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The challenge and possibilities in e-textiles

November 23rd, 2020 / By: / What's New?

As part of the advanced textiles education at IFAI Virtual Expo 2020, Dr. Amanda Mills, Wilson College of Textiles, NC State University, discussed e-textiles in her presentation, “Textile Electronics: Product Design.” Putting all the elements together for an e-textile product is “a balancing act,” she said, stressing the importance of “innovation at every level,” starting with the materials (from the types of yarns to inks and pastes), to how the fabrics are manufactured (knit, woven or nonwoven). 

“Your choice of a filament or yarn is a design decision that can affect the function of your garment,” she said. The method of manufacturing (cut and sew, bonded, welded) and post-processing, which could involve printing, coating, embroidery or lamination, are also equally important. 

When asked by an attendee what she would most like most to do, she responded with a couple of e-textiles most difficult issues. “I’d really like to be able to make e-textiles with hard and soft components. One of the biggest challenges is the harder, mechanical component connecting to the soft material, that’s where its’ most likely going to fail,” she said.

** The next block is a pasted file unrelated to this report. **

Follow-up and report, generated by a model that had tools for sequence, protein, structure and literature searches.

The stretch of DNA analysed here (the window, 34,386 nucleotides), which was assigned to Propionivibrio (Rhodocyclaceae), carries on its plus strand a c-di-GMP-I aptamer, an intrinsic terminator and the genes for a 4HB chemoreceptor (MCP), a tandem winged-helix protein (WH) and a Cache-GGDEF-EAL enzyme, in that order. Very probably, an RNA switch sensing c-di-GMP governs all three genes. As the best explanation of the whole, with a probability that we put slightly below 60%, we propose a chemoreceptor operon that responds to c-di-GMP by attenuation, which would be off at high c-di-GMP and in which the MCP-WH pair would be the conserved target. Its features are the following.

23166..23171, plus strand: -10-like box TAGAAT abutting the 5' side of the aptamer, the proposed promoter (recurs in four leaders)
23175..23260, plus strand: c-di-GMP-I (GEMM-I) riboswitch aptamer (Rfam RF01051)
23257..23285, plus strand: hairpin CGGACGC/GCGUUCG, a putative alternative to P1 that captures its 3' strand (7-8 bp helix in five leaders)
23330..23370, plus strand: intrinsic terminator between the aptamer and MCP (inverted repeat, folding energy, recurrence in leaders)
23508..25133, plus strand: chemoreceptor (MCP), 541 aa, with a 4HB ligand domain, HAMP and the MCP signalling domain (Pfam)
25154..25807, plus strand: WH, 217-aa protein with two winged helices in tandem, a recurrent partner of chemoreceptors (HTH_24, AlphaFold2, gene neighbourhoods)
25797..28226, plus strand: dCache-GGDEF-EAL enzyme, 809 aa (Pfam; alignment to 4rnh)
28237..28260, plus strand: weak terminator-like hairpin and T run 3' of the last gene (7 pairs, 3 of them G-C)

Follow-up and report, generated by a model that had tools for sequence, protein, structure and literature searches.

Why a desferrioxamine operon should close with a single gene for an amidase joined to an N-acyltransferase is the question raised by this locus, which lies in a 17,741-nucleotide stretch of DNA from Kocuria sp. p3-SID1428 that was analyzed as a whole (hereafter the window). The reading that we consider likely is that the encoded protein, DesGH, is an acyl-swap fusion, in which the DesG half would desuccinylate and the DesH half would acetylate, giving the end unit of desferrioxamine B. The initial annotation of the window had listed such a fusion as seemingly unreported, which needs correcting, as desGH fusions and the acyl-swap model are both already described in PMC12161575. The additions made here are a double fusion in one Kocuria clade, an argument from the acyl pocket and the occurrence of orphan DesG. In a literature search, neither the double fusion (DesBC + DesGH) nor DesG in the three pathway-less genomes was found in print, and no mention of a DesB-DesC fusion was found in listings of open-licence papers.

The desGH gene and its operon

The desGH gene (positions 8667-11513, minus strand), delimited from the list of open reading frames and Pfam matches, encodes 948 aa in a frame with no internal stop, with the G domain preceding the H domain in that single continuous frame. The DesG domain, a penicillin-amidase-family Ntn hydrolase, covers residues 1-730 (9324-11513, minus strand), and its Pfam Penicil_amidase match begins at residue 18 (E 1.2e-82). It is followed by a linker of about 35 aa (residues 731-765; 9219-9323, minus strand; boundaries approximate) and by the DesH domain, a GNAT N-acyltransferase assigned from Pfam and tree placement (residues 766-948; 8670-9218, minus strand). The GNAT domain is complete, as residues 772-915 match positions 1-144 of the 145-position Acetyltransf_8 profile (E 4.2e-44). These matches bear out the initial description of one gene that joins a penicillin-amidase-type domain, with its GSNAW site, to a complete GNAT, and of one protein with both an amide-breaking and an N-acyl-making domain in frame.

“I’d love to see a fully textile antenna, so you’re actually knitting the components during the manufacturing process into the garment itself, which would eliminate multiple manufacturing processes.”

Beyond these technical issues, there are marketing challenges. “It’s going to be a really hard sell to get e-textiles into the market if there is something already in the market that meets that need and is less expensive,” she said. 

However, the prospect of energy harvesting textiles (tribo-electric, piezo-electric or photovoltaic) is encouraging. “The problem is batteries are bulky and heavy,” she said, “so being able to use the body as a power source will enable e-textiles in the future.”

She also sees PPE becoming more mainstream and having the ability to monitor exposure to potentially harmful substances. “We want to monitor our exposure, and e-textiles could play a really vital role,” she said.